Mon. May 29th, 2023
Brussels, 31 January 2023

The European Commission has approved, under EU State aid rules, a €104 million Croatian scheme to reduce an electricity consumption levy imposed on energy-intensive companies. The scheme aims at mitigating the risk that, due to this levy, energy-intensive companies may relocate their activities to locations outside the EU with less ambitious climate policies. In addition, the scheme contributes to the achievement of EU’s climate and environmental objectives set out in the European Green Deal.

The Croatian scheme

Croatia notified the Commission of its intention to introduce a €104 million scheme to support energy-intensive companies. In particular, Croatia plans to reduce for those companies a levy on electricity consumption, which finances the deployment of renewable energy sources in Croatia (‘RES levy’). Paying the full amount of the RES levy increases (i) the risk that certain energy-intensive companies relocate their activities to locations outside the EU with less ambitious climate policies, as well as (ii) the electricity costs of energy-intensive companies, thereby discouraging the electrification of their production processes.

The scheme, which will run until 31 December 2028, will be open to companies active in sectors listed in Annex I to the Guidelines on State aid for climate, environmental protection and energy 2022 (‘CEEAG’). Those sectors rely heavily on electricity and are exposed to international trade. Beneficiaries will need to consume at least 500 MWh per year. Under the scheme, the reduction in the RES levy will not exceed 75% and it will depend on the electro-intensity of the beneficiary (i.e. the greater the electro-intensity, the higher the reduction). The applicable reduction may not result in a levy below 0.5 EUR/MWh.

Beneficiaries will have to conduct an energy audit and to either (i) perform certain energy efficiency investments, (ii) invest in projects leading to substantial reductions of their greenhouse gas emissions, or (iii) cover at least 60% of their electricity consumption with renewable energy sources.

Croatia has also established a transitional plan to progressively phase-out the RES levy reduction for energy-intensive companies that paid reduced RES levies in 2020 or 2021 but are no longer eligible under the new scheme.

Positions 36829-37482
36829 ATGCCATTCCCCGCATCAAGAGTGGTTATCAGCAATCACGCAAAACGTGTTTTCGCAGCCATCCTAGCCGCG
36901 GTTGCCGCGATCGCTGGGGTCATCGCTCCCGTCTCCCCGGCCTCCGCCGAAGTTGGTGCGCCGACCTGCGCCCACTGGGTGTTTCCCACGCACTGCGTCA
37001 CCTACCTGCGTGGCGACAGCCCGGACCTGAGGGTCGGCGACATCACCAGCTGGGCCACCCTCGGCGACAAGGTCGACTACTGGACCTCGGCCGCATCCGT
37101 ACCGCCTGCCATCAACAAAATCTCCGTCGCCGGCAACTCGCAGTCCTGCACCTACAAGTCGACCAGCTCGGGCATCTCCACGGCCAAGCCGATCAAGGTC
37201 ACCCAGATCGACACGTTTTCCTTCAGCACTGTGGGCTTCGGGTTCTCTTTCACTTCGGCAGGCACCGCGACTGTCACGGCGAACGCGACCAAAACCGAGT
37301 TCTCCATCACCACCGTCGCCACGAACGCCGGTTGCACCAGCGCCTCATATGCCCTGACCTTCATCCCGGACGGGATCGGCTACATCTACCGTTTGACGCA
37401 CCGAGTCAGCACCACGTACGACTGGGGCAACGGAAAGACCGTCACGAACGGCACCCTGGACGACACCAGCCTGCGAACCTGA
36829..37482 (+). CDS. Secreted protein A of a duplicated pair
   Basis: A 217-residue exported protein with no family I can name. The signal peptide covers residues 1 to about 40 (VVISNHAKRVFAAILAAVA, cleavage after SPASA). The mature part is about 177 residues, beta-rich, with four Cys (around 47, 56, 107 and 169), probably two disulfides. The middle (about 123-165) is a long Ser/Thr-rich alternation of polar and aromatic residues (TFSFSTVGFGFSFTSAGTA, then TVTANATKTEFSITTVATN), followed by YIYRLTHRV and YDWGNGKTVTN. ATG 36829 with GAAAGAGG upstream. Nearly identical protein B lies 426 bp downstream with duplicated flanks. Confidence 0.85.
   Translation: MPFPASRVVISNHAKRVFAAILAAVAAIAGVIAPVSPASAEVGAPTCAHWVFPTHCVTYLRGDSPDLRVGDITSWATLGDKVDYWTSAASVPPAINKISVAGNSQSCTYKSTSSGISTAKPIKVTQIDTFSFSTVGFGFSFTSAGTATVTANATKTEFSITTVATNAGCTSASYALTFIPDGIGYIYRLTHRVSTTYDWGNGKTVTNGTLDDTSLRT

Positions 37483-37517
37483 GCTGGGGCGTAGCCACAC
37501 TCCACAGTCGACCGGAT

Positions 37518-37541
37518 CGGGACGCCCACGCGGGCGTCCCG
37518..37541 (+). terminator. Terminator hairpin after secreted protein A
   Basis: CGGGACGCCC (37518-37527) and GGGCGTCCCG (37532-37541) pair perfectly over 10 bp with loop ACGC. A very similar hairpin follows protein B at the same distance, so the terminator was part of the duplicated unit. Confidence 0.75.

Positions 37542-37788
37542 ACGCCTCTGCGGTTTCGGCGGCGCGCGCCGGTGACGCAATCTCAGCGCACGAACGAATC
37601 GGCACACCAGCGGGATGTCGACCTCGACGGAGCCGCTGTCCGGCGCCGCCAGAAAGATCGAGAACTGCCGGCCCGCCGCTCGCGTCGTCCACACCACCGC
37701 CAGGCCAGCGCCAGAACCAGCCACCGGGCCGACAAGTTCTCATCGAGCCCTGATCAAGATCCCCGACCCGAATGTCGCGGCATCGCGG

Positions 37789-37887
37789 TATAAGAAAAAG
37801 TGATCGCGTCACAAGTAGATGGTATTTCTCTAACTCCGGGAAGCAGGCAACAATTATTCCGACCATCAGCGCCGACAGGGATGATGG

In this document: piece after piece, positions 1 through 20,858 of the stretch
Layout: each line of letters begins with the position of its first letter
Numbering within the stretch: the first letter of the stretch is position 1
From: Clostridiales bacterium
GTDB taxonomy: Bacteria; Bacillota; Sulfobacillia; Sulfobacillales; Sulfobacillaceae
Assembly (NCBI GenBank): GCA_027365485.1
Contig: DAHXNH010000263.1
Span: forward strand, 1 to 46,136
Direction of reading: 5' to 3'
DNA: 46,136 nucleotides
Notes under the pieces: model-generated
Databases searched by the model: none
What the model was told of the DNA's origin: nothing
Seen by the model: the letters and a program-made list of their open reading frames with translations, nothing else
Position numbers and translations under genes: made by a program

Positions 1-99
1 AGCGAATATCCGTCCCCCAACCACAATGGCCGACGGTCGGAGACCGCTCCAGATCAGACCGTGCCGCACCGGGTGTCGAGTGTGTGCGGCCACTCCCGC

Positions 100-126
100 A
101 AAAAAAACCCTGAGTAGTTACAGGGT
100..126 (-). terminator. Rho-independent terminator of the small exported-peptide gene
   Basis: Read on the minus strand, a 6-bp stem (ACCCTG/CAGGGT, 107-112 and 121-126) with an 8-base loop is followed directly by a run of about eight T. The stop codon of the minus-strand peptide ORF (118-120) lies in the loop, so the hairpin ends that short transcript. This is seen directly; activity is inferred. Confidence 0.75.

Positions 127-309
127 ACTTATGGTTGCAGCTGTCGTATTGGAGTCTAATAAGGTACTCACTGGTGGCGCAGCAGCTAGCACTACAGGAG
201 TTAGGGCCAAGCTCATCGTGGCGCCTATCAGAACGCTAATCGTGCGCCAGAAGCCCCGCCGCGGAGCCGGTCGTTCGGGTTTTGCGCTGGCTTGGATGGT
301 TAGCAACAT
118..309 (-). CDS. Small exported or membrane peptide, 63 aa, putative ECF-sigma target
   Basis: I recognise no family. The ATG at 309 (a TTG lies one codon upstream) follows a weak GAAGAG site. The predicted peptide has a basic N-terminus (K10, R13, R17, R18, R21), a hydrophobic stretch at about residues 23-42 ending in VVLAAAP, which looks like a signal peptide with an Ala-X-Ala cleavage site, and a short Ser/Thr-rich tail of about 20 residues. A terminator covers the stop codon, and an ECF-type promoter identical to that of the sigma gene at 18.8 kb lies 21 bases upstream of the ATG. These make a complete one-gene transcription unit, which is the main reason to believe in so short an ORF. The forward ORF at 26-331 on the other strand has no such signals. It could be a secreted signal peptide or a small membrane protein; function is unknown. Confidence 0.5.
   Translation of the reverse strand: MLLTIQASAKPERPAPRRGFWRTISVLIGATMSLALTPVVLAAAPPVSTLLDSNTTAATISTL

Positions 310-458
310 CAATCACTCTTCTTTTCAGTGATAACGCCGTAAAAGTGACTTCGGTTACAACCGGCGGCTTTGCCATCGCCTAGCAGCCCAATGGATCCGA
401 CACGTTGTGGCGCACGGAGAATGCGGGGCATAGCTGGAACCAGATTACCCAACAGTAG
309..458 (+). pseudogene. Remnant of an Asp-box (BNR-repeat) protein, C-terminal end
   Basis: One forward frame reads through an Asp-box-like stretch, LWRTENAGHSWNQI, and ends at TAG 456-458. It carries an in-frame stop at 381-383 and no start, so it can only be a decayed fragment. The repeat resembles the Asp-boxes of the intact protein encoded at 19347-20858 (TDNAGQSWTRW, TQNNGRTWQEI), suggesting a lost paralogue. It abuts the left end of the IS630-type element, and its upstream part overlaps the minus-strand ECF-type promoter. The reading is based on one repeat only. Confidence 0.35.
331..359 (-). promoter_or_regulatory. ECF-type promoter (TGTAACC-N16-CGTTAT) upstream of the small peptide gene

The Commission’s assessment

The Commission assessed the measure under EU State aid rules, in particular Article 107(3)(c) of the Treaty on the Functioning of the European Union (‘TFEU’), which enables Member States to support the development of certain economic activities subject to certain conditions, and the CEEAG.

The Commission found that the scheme facilitates the development of certain economic activities that rely heavily on electricity in their production processes and are particularly exposed to international competition.

In addition, the Commission found that the measure is necessary and appropriate to contribute to the achievement of the European Green Deal objectives. In particular, it reduces the risk of (i) adverse environmental impacts due to relocation of the targeted economic activities to jurisdictions with less ambitious climate policies, and (ii) discouraging the electrification of production processes within the sectors concerned. The measure also requires the beneficiaries to undertake investments in energy efficiency or greenhouse gas emission reductions, or to consume a sufficient share of electricity from renewable sources. Moreover, the measure is proportionate, as aid will not exceed 75% of the RES levy and is limited to the energy-intensive sectors listed in Annex I of the CEEAG. The Commission therefore concluded that the scheme brings about positive effects that outweigh any possible negative effects in terms of distortions to competition and trade in the EU.

On this basis, the Commission approved the Croatian scheme under EU State aid rules.


The Commission’s 2022 CEEAG provide guidance on how the Commission will assess the compatibility of environmental protection, including climate protection, and energy aid measures which are subject to the notification requirement under Article 107(3)(c) TFEU.

The new guidelines, applicable as from January 2022, create a flexible, fit-for-purpose enabling framework to help Member States provide the necessary support to reach the Green Deal objectives in a targeted and cost-effective manner. The involve an alignment with the important EU’s objectives and targets set out in the European Green Deal and with other recent regulatory changes in the energy and environmental areas and cater for the increased importance of climate protection. They include sections on energy efficiency measures, aid for greenhouse gas emissions removal, clean mobility, infrastructure, circular economy, pollution reduction, protection and restoration of biodiversity, as well as measures to ensure security of energy supply and to support energy-intensive users through reductions from electricity levies, subject to certain conditions.

With the European Green Deal Communication in 2019, the Commission reinforced its climate ambitions, setting an objective of net zero emissions of greenhouse gases in 2050. The European Climate Law in force since July 2021, which enshrines the 2050 climate neutrality objective and introduces the intermediate target of reducing net greenhouse gas emissions by at least 55% by 2030, sets the ground for the ‘Fit for 55′ legislative proposals presented by the Commission on 14 July 2021.

More information will be made available under the case number SA.102294 in the State aid register on the Commission’s competition website once any confidentiality issues have been resolved. New publications of State aid decisions on the internet and in the Official Journal are listed in the Competition Weekly e-News.

Source – EU Commission


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